Purchasing Power Parity Links changes in exchange rates with differences in inflation rates and the purchasing power of each nation’s currency.  In the long run, exchange rates adjust so that the purchasing power of each currency tends to be the same.  Exchange rate changes tend to reflect international differences in inflation rates.  Countries with high inflation tend to experience currency devaluation.

The Law of One Price In competitive markets where there are no transportation costs or barriers to trade, the same goods sold in different countries sell for the same price if all the different prices are expressed in terms of the same currency.  This proposition underlies the PPP relationship.  Arbitrage allows the law of one price to hold for commodities that can be shipped to other countries and resold.

Exchange Rate Risk  Translation exposure - foreign currency assets and liabilities that, for accounting purposes, are translated into domestic currency using the exchange rate, are exposed to exchange rate risk.  However, if markets are efficient, investors know that any translation losses are “paper” losses and are unrealized.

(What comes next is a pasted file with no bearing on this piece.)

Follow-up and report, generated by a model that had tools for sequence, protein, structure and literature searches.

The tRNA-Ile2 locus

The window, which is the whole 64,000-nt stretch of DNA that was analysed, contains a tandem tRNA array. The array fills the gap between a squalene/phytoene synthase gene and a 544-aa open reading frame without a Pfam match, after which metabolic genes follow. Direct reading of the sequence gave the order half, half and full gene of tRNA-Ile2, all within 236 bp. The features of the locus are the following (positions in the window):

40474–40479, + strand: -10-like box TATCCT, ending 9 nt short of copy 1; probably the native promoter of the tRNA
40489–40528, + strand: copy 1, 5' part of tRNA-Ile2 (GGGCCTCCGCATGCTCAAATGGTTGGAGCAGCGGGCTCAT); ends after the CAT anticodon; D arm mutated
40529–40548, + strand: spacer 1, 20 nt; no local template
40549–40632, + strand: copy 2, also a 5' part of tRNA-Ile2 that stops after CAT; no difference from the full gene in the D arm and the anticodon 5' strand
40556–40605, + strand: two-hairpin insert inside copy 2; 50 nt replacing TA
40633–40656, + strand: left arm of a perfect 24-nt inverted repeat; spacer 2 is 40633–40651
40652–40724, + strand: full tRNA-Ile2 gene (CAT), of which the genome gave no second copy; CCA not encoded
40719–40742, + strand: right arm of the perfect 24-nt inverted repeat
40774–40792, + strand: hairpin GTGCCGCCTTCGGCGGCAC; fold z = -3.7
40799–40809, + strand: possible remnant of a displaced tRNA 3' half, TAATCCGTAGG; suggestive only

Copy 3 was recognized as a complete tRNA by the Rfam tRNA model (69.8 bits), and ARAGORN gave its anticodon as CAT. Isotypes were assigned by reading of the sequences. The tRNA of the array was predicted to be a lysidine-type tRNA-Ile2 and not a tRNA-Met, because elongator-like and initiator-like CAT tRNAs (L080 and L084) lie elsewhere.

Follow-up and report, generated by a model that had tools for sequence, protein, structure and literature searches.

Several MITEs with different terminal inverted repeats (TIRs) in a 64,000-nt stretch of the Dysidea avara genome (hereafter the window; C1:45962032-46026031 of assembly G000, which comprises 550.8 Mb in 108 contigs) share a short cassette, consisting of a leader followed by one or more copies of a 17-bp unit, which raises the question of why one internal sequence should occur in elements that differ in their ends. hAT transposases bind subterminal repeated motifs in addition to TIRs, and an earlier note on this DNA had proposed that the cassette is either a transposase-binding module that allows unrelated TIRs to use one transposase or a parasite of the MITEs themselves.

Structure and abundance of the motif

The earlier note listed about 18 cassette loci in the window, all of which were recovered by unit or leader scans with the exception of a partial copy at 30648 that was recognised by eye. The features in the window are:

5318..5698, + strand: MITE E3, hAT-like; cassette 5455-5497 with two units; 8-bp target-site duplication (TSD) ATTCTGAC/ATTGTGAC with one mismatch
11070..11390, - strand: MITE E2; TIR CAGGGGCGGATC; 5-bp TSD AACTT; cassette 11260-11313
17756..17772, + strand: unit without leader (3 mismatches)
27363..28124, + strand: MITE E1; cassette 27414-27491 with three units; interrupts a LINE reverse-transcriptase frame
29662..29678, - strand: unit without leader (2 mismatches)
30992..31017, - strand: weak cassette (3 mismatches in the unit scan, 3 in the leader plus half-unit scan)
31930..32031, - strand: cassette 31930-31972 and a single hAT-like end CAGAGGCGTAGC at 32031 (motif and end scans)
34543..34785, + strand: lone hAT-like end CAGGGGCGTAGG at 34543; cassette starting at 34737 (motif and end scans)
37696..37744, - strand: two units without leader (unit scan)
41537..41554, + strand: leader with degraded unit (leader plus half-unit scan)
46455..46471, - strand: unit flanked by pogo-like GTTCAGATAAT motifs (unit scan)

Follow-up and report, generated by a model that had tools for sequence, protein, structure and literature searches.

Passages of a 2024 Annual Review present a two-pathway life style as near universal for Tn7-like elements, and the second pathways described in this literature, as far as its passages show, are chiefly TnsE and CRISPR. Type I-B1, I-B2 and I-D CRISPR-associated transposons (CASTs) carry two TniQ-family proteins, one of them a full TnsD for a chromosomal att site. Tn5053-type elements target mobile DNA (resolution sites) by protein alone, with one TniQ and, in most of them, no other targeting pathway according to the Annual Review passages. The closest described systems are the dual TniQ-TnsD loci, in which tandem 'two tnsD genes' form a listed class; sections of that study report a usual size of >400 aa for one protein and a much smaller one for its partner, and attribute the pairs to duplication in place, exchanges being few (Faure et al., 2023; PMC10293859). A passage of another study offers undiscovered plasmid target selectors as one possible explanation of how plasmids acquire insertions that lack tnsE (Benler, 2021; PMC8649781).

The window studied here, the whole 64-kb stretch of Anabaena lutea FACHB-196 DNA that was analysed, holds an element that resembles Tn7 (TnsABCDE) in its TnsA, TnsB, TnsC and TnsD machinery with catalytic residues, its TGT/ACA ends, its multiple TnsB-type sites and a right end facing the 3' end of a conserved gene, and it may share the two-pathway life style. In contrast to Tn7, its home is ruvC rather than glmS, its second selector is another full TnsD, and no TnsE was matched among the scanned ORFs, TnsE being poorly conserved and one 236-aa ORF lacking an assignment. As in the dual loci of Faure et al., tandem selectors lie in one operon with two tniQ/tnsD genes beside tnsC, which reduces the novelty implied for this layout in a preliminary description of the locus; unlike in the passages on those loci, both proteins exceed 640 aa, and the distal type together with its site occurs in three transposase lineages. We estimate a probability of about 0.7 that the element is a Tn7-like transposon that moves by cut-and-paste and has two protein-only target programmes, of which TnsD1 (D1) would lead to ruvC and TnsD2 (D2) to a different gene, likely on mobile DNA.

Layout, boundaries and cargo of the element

Exchange Rate Risk  Transaction exposure - refers to transactions in which the monetary value is fixed before the transaction actually takes place.  Example: your firm buys foreign goods to be received and paid for at a later date. The exchange rate can change, which can affect the price actually paid.

Multinational Working-Capital Management Leading and Lagging  Lead: dispose of a net asset position in a weak currency. Pay a net liability position in a weak currency. Pay a net liability position in a weak currency.  Lag: Delay collection of a net asset position in a strong currency. Delay payment of a net liability position in a weak currency.

Direct Foreign Investment Risks  Business Risk - firms must be aware of the business climate in both the U.S. and the foreign country.  Financial Risk - not much difference between financial risks of foreign operations and those of domestic operations.

Direct Foreign Investment Risks  Political Risk - firms must be aware that many foreign governments are not as stable as the U.S.  Exchange Rate Risk - exchange rate changes can affect sales, costs of goods sold, etc. as well as the firm’s profit in dollars.

Download ppt "Chapter 22 International Business Finance International Business Finance  2005, Pearson Prentice Hall."

Similar presentations

Ads by Google